Imagine if your neighborhood grocery or convenience store offered one-hour, on-demand fulfillment — not through intermediaries like Postmates or Instacart, but entirely in-house — and made a profit on every order. As fantastical as the idea might seem, that’s the promise of CommonSense Robotics, an Israeli micro-fulfillment startup that today launched its first autonomous sorting and shipping center in downtown Tel Aviv.
“We started CommonSense Robotics because as consumers we wondered: Why can’t we get our online orders faster and cheaper than going to the store? We’re excited to see this groundbreaking technology finally serving real customers to allow for fast, inexpensive deliveries of high-quality products,” said Elram Goren, CEO and cofounder of CommonSense Robotics, adding, “It’s a true win-win for both retailers and consumers.”
CommonSense’s fulfillment center — which it claims is the world’s smallest — measures just 6,000 square feet in total. That’s a twelfth the size of Apple’s 5th Avenue store in New York City, Goren said, and substantially smaller than most hubs, some of which have floor plans exceeding 120,000 square feet. (For the sake of comparison, Amazon recently broke ground on a 2 million-square-foot fulfillment center in Birmingham, Alabama.)
The facility’s small footprint allowed it to squeeze into an underutilized real estate development previously considered too constrictive for warehouse infrastructure. But its size belies its efficiency, Goren said; thanks to a combination of robotic sorting systems and artificially intelligent (AI) software, it can prepare orders faster than the average team of human workers — typically in less than three minutes.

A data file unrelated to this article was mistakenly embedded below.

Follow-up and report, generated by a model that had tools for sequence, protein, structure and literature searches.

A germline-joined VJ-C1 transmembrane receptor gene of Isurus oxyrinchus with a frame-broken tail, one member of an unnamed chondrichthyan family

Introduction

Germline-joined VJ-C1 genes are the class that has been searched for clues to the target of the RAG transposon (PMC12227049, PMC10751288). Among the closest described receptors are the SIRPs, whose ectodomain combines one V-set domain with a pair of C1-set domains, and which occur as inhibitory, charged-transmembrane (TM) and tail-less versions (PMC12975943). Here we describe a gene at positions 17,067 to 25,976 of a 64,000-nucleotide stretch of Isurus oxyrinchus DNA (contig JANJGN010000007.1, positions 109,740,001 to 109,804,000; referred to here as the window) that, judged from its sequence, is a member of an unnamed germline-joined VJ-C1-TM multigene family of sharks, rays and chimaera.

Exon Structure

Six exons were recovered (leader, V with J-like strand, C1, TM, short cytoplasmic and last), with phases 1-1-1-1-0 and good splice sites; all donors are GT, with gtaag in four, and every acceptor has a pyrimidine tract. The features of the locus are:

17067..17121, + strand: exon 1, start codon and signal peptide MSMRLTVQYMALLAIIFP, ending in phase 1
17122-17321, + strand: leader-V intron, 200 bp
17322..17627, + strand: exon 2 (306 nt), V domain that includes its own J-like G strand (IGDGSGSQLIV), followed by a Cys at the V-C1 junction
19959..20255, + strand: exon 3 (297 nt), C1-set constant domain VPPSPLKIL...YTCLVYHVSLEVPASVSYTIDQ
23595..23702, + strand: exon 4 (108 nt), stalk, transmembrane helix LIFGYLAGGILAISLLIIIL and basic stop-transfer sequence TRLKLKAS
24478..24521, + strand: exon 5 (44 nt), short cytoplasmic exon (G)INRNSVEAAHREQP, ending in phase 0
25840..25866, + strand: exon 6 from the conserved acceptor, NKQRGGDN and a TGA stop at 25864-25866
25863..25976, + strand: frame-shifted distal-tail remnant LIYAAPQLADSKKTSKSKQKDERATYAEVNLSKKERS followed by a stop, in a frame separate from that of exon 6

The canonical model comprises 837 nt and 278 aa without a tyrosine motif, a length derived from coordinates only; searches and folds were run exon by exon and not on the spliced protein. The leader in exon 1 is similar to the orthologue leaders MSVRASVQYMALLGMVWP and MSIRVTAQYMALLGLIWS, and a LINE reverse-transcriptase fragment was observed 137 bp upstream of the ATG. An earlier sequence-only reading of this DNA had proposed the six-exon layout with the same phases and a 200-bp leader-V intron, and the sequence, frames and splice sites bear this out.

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“A mid-sized grocer has 20,000 different SKUs, and some have upwards of 50,000,” he told VentureBeat in a phone interview. “When you’re dealing with a rural area without much density, those products move pretty easily. But it’s a completely different scenario in dense urban environments.”
CommonSense takes a hybrid approach to fulfillment. Robots within the center’s walls — overseen by AI that breaks orders down into tasks and autonomously delegates those tasks — bring items awaiting shipment in totes to teams of employees, who pack individual orders. Other robots move packaged orders to dispatch, where they’re loaded onto a scooter or van.
CommonSense owns and operates the Tel Aviv center and charges retailers a fee per order.
“I don’t see us as a robotics company. I see us as a software-driven company that uses robots to solve physical problems,” Goren said.
The micro-fulfillment center’s first beneficiary is Super-Pharm, Israel’s largest drugstore chain. It joins Israeli grocery retailer Rami Levy, which earlier this year inked a 12-site deal with CommonSense.
“Staying competitive in today’s market is anchored by delivering orders quickly and determining how to fulfill and deliver orders efficiently, which are always the most complex aspects of any ecommerce operation. With robotics, we will be able to fulfill and deliver orders in under one hour, all while saving costs on said fulfillment and delivery,” said Super-Pharm VP Yossi Cohen. “Before CommonSense Robotics, we offered our customers next-day home delivery. With this partnership, we are now able to offer our customers same-day delivery and will very soon be offering them one-hour delivery.”
CommonSense, which raised $20 million in a funding round led by Playground Global earlier this year, has its sights set on international expansion. It’s in talks with a number of large grocery retailers in the U.S. and U.K. and intends to launch “multiple sites” across the East Coast early next year, Goren said.
Of course, it’s far from the only firm bringing micro-fulfilment tech to retail.
Takeoff Technologies‘ platform, which works out of pharmacies, convenience stores, and quick-service restaurants, doubles as a pick-up station, complete with lockers for easy access. Commerce giant Walmart, meanwhile, partnered with Alert Innovation in August to deploy AlphaBot, an autonomous fulfillment system capable of picking and transporting the “vast majority” of grocery items.
That’s not to mention the more than half-dozen startups deploying robots in store aisles. California company InVia Robotics raised $20 million this summer to bring subscription-based robotics to ecommerce warehouses. In the U.K., supermarket chain Ocado recently took the wraps off of a picking and packing robot that can grasp fragile objects without breaking them. And French startup Exotec’s AI system — Skypod— taps robots capable of moving in three dimensions.
Suffice it to say, the competition is fierce.
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